HOUSE RESOLVED INTO CWH ON BILLS AT 4:08 P.M. 3671
HOUSE RECONVENED AT 4:32 P.M. 3671
CWH REPORTS 3671
PUBLIC BILLS FOR SECOND READING:
No. 43, Public Archives Act 3671
Hon. R. Harrison 3671
Mr. J. Holm 3674
Mr. J. Leefe 3675
Mr. H. Epstein 3676
Hon. R. Harrison 3680
Vote - Affirmative 3680
No. 58, Cemeteries Protection Act 3681
Hon. R. Harrison 3681
Vote - Affirmative 3682
No. 65, Endangered Species Act 3682
Hon. Manning MacDonald 3682
Mr. H. Epstein 3683
Mr. J. DeWolfe 3684
Mr. J. Leefe 3685
Hon. K. MacAskill 3686
Vote - Affirmative 3686
PRIVATE AND LOCAL BILLS FOR SECOND READING:
No. 3, Nova Scotia Music Teachers' Act 3687
Mr. H. Epstein 3687
Vote - Affirmative 3687
HOUSE RESOLVED INTO CWH ON BILLS AT 5:28 P.M. 3687
HOUSE RECONVENED AT 5:31 P.M. 3688
CWH REPORTS 3688
ADJOURNMENT, House rose to meet again on Fri., Nov. 13th at 9:00 a.m. 3688

[Page 3613]

HALIFAX, THURSDAY, NOVEMBER 12, 1998

Fifty-seventh General Assembly

First Session

2:00 P.M.

SPEAKER

Hon. Ronald Russell

DEPUTY SPEAKER

Mr. Donald Chard

MR. SPEAKER: Order, please. We will commence with the daily routine.

The honourable member for Kings North.

MR. GEORGE ARCHIBALD: I would like, today, to take an opportunity to introduce some guests that we have in the west gallery. The reason the guests are with us today is with concern to the petition on Highway No. 101. So, Mr. Speaker, I would like to introduce to you and to all members of the Legislature: Anne Cameron and Joan Tracy; Hantsport Fire Chief Don MacNeil; Hantsport Mayor Wayne Folker; West Hants Warden Richard Dauphinee; West Hants Councillor Fred Horne; Windsor Mayor Maxine Whynot; the CAO of the Town of Hantsport, Jeff Lawrence; and our MP Scott Brison is also with us today. I would ask those people to rise and we will give them the welcome of the Legislature. (Applause)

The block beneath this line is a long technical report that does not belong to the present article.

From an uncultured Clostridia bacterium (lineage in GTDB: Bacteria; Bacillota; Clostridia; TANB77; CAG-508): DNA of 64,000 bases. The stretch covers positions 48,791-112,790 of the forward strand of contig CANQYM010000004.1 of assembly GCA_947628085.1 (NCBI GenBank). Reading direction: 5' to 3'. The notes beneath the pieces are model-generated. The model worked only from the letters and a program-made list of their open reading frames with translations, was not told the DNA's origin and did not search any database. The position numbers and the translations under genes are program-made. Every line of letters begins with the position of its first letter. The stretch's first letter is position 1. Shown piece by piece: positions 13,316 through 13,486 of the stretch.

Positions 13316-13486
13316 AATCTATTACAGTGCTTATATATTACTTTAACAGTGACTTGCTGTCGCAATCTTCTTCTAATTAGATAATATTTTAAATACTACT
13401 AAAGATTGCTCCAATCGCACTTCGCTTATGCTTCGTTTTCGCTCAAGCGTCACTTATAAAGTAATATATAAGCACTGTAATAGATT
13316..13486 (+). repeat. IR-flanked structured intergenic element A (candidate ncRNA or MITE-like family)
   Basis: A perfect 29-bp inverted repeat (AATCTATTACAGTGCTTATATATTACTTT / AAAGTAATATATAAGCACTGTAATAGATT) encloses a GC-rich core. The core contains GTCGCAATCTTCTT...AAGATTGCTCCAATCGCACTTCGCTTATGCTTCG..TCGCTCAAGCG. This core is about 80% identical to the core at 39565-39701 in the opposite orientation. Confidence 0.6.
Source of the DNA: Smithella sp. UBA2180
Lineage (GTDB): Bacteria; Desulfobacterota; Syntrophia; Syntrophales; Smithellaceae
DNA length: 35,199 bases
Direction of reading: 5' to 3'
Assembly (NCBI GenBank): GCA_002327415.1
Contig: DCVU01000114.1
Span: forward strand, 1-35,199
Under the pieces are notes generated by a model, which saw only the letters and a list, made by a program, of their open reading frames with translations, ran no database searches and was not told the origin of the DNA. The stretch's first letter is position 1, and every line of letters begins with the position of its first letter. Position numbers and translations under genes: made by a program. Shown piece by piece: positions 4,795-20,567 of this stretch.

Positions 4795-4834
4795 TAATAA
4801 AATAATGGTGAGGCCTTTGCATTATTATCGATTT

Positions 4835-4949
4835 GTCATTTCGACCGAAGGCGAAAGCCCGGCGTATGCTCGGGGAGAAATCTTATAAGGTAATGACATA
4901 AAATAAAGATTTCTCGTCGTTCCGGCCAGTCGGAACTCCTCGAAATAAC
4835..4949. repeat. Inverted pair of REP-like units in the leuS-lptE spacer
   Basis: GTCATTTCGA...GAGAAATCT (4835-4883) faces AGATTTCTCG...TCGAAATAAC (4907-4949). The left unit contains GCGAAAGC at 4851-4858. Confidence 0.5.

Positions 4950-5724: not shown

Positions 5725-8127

PRESENTING AND READING PETITIONS

MR. SPEAKER: The honourable Minister of Transportation and Public Works.

HON. CLIFFORD HUSKILSON: Mr. Speaker, before I begin, I, too, want to welcome this group from the Annapolis Valley here to the Legislature today.

3613

[Page 3614]

Mr. Speaker, I beg leave to table three petitions signed by the people of the Annapolis Valley and many other Nova Scotians on the matter of urgent need to twin Highway No. 101. I have affixed my signature to the petitions for tabling purposes and I would like to add that the names on these petitions total over 12,000.